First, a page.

At this time in history more people have more instant access to more information than ever before. In relative terms, but a thousand years ago, the same was true of the Maya. Yet, access to all that information did not prevent their sudden and rapid decline. We will likely never know the exact causes of that decline, but environmental degradation was certainly one of them. Out of the ashes of the declining Maya Empire rose a number of post-classic Maya peoples including the ancestors of this woman — the Kaqchikel people.
Today we are able to predict better from our information than the Maya were able to. It is hard to imagine environmental activists among them. Our environmental activists could be said to be the soothsayers of the modern age. Many of them are indigenous people. It is likely that some among the educated Maya saw the signs of decline. It is also likely that Maya rulers considered warmongering and the continued accumulation of wealth to be the highest priority.
Last month Global Witness released its 2016 annual report on environmental activism: a record number of activists were murdered and indigenous people were massively overrepresented at over 40% of them. Most of the killing took place at the hands of those considering the continued accumulation of wealth to be the highest priority. As with the Maya before, rulers are facilitating the prioritization of wealth: Brazil, one of the worst offenders, is making it harder to defend the environment. 2017 is looking at least as bad with 98 activists killed so far
There are some environmental activism success stories, of course. Last month two European banks withdrew financial support for the controversial Agua Zarca dam project in Honduras. That country now has more murders of environmental activists per capita than any other country in the world. One of the highest-profile murders in 2016 was that of Berta Cáceres, who opposed the dam.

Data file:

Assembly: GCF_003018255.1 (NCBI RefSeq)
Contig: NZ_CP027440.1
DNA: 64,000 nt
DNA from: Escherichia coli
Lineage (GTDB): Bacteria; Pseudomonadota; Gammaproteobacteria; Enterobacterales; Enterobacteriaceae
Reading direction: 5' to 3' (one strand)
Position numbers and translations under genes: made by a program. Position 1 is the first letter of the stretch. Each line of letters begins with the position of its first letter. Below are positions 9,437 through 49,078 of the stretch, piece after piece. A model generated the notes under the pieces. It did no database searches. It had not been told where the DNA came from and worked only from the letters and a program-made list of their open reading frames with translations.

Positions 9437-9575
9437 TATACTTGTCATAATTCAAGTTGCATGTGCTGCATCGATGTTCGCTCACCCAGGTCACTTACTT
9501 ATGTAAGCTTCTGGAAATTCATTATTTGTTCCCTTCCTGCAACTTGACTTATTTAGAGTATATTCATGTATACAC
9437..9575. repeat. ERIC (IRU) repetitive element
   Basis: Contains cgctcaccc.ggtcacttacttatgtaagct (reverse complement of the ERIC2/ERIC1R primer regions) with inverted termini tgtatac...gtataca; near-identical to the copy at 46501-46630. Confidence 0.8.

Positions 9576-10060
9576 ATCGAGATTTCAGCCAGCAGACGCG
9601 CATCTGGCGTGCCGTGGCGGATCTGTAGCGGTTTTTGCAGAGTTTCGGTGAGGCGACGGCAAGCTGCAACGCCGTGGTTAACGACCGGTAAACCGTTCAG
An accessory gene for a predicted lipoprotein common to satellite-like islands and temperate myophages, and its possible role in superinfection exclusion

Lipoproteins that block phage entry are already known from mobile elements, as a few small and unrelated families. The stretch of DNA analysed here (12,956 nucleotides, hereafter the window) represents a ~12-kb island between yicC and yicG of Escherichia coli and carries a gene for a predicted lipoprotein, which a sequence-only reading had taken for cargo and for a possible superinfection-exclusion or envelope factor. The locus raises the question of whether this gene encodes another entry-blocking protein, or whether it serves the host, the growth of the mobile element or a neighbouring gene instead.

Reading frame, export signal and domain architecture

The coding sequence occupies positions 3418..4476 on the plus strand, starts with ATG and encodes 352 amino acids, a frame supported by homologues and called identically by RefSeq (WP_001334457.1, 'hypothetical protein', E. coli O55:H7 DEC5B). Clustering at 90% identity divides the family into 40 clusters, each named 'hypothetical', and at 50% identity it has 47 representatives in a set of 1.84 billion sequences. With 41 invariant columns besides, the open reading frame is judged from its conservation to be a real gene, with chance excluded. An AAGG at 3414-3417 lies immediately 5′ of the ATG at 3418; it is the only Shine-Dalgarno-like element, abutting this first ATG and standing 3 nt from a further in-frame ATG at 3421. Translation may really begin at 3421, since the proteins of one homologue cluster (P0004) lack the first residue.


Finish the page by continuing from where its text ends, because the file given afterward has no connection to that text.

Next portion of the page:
It may seem to us that a woman collecting firewood is hardly a sign of progress based on thousands of years of the accumulation of knowledge. But it is precisely that Indigenous Knowledge (IK) that enabled the Kaqchikel to avoid the mistakes of their ancestors and survive into the present day. It probably seems even less likely to us that much of the world still relies on IK. But at a time when the world's richest country cannot get healthcare right, the World Health Organization says that most people worldwide rely on IK for their healthcare needs. In Ethiopia — where we recently started working — 80% of the population uses IK in everyday life from family planning to animal husbandry. That country will host the 2017 Arba Minch Conference in a few days with a focus on preserving traditional medicine.
Of all the information we have access to, IK is underrepresented. But it is unlikely we will survive without it.
The Kaqchikel Maya are featured in our documentary, Peoples of the World: The Maya.